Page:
Most people who provide some kind of creative service to the business world long for a client who will say yes to their more extravagant ideas. But such clients are extremely thin on the ground. General anxiety, paucity of imagination and lack of budget are among the more common obstacles.
And then, once in a blue moon, someone turns up who is ready to go for it. In Gillian, I’m lucky enough to have one of these – which might sound as if I’m keeping some kind of exotic animal. Well, in a manner of speaking, and she won’t mind me saying it, she is.
Several years ago I wrote to her out of the blue, having been given her name by a neighbour. She was intrigued. We met and there was one of those rare instant connections. She simply got what I was talking about. At the time she was working for a big company in the food and drink industry. A takeover was in the air and her team was feeling vulnerable.
Through the writers’ organisation 26, I was just embarking on a creative project to explore what Shakespeare might have to say about the modern business world. More in jest than anything I suggested that maybe she and her team could get involved. I practically fell off my chair when she said OK.
We had lunch yesterday, not having seen one another for a couple of years, and reminisced. The Shakespeare project had been a career highlight for both of us, we agreed, and apparently also for one or two of the team members with whom she’s still in touch. It’s not every day, after all, that business communicators get to take on a character from Romeo & Juliet, visit the RSC at Stratford to see the play, write a 1000-word story linking their Shakespearean character with life in their 21st century business, and finally see the whole project described in a book (The Bard & Co, Cyan 2007).
Soon after the project, the takeover happened and Gillian moved on. Next time we were in touch she had resurfaced in the financial services sector. By now we had christened our creative experimentation ‘mischief’ – and to my delight she was ready for more. We spent a day with her team working entirely in metaphors. In one exercise we gave people art materials and asked them to illustrate where they felt the team sat within the organisation in terms of a classic story or fairy tale.
One group chose The Little Mermaid. Their scene had shipwrecks, fish, sharks, an octopus, a submarine and in the bottom left-hand corner, a dark cave from which a cluster of eyes were anxiously peering. ‘Who are those?’ I asked. ‘Our leaders,’ came the reply. ‘They don’t like to come out much.’ I’ve never forgotten that. The other group picked the Jungle Book and King Louie’s ruined temple, swarming with monkeys. No further explanation was required.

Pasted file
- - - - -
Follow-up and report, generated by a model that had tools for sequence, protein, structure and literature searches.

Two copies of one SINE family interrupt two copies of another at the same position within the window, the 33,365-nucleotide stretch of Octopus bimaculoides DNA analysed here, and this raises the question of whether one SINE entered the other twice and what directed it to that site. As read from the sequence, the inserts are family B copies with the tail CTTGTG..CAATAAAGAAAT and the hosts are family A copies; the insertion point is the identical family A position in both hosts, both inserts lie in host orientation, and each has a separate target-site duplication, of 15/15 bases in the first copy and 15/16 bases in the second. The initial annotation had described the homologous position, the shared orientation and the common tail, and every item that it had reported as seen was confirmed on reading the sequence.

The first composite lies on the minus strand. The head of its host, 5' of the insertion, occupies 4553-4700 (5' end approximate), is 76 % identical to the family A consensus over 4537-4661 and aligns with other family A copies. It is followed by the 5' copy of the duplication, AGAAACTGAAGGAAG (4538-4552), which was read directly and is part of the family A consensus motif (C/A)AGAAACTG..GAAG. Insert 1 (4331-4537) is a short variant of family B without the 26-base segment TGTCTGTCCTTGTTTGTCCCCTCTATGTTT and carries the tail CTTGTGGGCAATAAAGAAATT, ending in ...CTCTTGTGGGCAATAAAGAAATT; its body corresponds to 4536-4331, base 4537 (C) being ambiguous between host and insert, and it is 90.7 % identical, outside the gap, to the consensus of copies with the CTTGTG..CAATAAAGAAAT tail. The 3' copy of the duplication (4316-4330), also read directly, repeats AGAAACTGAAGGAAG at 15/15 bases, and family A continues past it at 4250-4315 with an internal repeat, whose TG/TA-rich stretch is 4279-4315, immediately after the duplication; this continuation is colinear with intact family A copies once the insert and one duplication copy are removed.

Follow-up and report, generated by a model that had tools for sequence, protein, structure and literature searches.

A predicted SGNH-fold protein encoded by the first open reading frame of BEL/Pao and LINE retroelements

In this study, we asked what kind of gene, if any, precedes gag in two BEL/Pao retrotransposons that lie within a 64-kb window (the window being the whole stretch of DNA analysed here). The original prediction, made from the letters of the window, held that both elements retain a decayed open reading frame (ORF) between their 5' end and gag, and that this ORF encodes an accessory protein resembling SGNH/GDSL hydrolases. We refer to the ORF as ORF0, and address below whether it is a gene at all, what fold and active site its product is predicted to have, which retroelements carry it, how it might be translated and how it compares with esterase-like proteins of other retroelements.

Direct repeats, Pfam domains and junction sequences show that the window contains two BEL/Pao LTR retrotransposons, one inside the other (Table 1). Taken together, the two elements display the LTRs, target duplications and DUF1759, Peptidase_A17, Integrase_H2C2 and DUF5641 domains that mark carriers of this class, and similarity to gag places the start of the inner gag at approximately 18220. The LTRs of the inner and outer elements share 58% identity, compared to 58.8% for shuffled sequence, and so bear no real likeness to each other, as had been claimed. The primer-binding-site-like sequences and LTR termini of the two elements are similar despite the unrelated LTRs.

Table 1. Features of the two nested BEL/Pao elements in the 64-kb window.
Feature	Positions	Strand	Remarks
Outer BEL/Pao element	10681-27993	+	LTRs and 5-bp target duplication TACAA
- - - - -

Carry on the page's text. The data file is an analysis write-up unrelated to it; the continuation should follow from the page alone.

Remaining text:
Since then Gillian has had a career break and is now back in a different neck of the financial services woods. We’re agreed that there will be more mischief in due course. But for the moment I’m left wondering why she is so much the exception rather than the rule.
We have proved, to ourselves anyway, that it’s possible to be unashamedly playful while also asking serious questions about purpose and values. Team members have got to know one another better. They’ve been creatively and personally stretched and have practised skills that will help them communicate more effectively. They’ve had fun and felt better about what they do. And their companies’ reputations are still intact. Where, pray, is the danger or indeed lack of return on investment, in that?
A propos nothing in particular, but pretty well everything I ever blog about, I came across this wonderful quote from Tom Waits in the pub this evening: “The world is a hellish place, and bad writing is destroying the quality of our suffering.”
O mischief! Lovely, lovely mischief. When I had a proper job (long, long ago), I wasnt allowed to chair meetings at the same time as Board meetings, cos there was always so much laughing going on that no-one on the Board could believe we were working. Luckily for me, and for mischief, others in the organisation knew better and the rest of the time, the laughing continued. Thanks for reminding me, Jamie!
Just lovely!! No more need be said.
Re your Tom Waits quote, I constantly rail against bad writing. Bright, intelligent and successful people almost invariably ask me what I mean. Worst of all, almost without exception, people from the teaching profession say, in all seriousness, that there is no such thing as bad writing and that I’m being elitist and snobbish. If teachers no longer know what constitutes good/bad writing we are doomed to witness the continual degradation of the quality of our suffering.
We need more mischief in our writing. Think of all those amazing adventures and favourite childhood stories that would be missing without it. I can hear your smile from here.